Movie of the Week: ‘Queen to Play’

Netflix’s “The “Queen’s Gambit” (2020) is garnering all kinds of great press, and even though AHFW hasn’t moved quickly enough to see the new series, our Movie of the Week certainly is related.

“Queen to Play” (2009) – While enjoying creature comforts and resting on our laurels have their benefits, it’s also important – in the game of life – to step outside one’s comfort zone every once in a while.  In writer/director Caroline Bottaro’s charming French import, she tells the story of late-30/early-40-something housekeeper, Helene (Sandrine Bonnaire), who tries to break from her daily routines to pursue a passion.

As we quickly learn about Helene, her life may not be full of passion, but she’s getting by okay.  She and her husband, Ange (Francis Renaud), don’t show much spark but seem content and take their marital vows seriously.  Helene and Ange aren’t wealthy, but they have a roof over their (and their teenage daughter’s) heads in Corsica, a beautiful island off the coast of France.

For Helene, however, something is missing.  She believes that she has more to offer the world than ensuring room numbers 4 and 9 have clean sheets and extra towels.  One early morning, she watches a couple play chess – like a loving act of foreplay – and decides it might be an emotional jolt in her life.

Chess?   Sure, why not, but when Ange doesn’t respond in the way she hoped, Helene turns to an eccentric widower, Dr. Kroger (Kevin Kline), and they play chess every Tuesday.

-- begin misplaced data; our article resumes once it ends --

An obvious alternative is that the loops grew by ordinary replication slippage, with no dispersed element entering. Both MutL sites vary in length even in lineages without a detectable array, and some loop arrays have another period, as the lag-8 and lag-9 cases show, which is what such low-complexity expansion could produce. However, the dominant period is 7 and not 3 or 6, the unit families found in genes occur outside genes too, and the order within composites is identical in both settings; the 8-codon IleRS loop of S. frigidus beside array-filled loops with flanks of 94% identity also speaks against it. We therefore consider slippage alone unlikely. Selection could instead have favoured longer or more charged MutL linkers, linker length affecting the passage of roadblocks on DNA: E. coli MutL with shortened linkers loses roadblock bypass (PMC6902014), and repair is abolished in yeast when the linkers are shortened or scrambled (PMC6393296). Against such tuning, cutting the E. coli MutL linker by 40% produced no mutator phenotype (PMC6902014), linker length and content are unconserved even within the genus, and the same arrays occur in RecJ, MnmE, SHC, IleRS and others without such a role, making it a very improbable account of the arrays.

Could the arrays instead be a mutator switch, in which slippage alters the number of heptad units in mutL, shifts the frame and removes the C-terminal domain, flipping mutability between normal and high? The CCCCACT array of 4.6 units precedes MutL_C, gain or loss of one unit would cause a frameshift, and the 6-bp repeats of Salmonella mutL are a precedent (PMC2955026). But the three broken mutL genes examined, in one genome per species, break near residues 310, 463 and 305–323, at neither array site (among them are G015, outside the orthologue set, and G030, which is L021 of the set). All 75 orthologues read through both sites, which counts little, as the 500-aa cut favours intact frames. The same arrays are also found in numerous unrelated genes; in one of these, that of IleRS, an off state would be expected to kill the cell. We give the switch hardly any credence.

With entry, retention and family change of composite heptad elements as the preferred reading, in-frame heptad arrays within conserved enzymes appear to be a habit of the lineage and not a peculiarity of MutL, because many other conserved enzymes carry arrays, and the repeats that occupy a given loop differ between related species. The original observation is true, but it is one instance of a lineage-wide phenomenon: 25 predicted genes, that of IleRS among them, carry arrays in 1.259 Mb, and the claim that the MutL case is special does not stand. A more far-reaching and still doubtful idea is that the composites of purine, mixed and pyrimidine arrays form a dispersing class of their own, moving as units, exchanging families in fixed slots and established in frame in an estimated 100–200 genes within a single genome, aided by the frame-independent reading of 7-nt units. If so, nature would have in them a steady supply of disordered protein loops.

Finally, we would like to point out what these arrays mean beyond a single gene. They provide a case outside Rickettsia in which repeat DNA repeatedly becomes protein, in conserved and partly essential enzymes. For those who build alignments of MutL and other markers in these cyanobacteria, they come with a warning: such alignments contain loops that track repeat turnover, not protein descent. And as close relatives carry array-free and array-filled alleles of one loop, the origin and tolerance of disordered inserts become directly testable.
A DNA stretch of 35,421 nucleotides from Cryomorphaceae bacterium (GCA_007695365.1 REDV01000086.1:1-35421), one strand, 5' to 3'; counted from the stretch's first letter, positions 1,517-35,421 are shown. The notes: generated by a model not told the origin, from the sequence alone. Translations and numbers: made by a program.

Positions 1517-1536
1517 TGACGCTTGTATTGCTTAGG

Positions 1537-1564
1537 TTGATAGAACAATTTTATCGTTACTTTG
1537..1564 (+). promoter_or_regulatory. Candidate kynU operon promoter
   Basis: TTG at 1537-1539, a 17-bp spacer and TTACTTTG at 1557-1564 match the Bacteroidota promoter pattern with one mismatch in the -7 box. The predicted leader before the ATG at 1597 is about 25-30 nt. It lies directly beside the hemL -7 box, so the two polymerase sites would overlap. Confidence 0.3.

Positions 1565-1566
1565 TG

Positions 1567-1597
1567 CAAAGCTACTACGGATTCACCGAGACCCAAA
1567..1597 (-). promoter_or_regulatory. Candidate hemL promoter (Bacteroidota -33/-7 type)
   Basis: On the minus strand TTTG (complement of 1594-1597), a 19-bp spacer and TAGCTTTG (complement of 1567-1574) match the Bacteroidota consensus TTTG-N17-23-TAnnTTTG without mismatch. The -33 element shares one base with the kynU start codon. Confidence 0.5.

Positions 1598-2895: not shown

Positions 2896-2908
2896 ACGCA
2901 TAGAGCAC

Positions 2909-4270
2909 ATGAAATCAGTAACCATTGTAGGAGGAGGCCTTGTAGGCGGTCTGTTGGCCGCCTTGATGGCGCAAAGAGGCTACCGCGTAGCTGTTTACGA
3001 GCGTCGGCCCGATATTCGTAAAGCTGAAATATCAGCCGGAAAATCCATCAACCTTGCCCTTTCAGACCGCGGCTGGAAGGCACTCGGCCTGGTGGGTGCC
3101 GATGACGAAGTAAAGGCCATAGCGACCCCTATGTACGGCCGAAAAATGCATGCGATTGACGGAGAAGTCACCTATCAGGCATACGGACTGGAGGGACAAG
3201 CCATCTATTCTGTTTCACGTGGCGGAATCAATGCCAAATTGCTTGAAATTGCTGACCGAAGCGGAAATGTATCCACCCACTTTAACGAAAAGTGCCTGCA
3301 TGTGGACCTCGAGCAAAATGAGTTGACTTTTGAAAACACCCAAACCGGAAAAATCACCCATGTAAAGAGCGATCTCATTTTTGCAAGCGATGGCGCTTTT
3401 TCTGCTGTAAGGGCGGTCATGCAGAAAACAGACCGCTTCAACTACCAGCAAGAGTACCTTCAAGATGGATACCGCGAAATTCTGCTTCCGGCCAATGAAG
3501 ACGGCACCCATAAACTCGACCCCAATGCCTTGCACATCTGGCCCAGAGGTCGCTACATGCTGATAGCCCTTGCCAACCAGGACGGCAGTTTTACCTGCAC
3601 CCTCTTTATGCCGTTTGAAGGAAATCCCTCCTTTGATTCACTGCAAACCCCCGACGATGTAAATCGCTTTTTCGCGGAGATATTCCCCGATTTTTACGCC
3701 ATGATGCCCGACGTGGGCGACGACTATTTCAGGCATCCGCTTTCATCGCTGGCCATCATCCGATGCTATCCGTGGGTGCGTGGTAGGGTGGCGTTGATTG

Bottaro provides a scenic, but limited environment for Helene and captures her lead’s willingness to break her invisible chains.  The film explores Helene’s duality, and it’s ever-so-present while she rides her bike on the winding roads of the island.  She dons a matronly red sweater, but the wind breathes and whips around her hair and face like she knows a potential personal glory awaits.

What awaits are her chess lessons with Dr. Kroger.  It’s a somewhat-transactional but caring friendship, and Kroger and Helene offer subtle cues of something brewing beneath the surface.  At a minimum, they have a deep, mutual respect that finds its way on screen with a glance, a smile or a thoughtful look.

Kroger asks, “Why is this so important for you?” and Helene responds, “I don’t know.”

Perhaps passion can’t be easily explained.

⭐⭐⭐ 1/2  out of   ⭐⭐⭐⭐

Image and Trailer credits: Zeitgeist Films

Related posts

Leave a Comment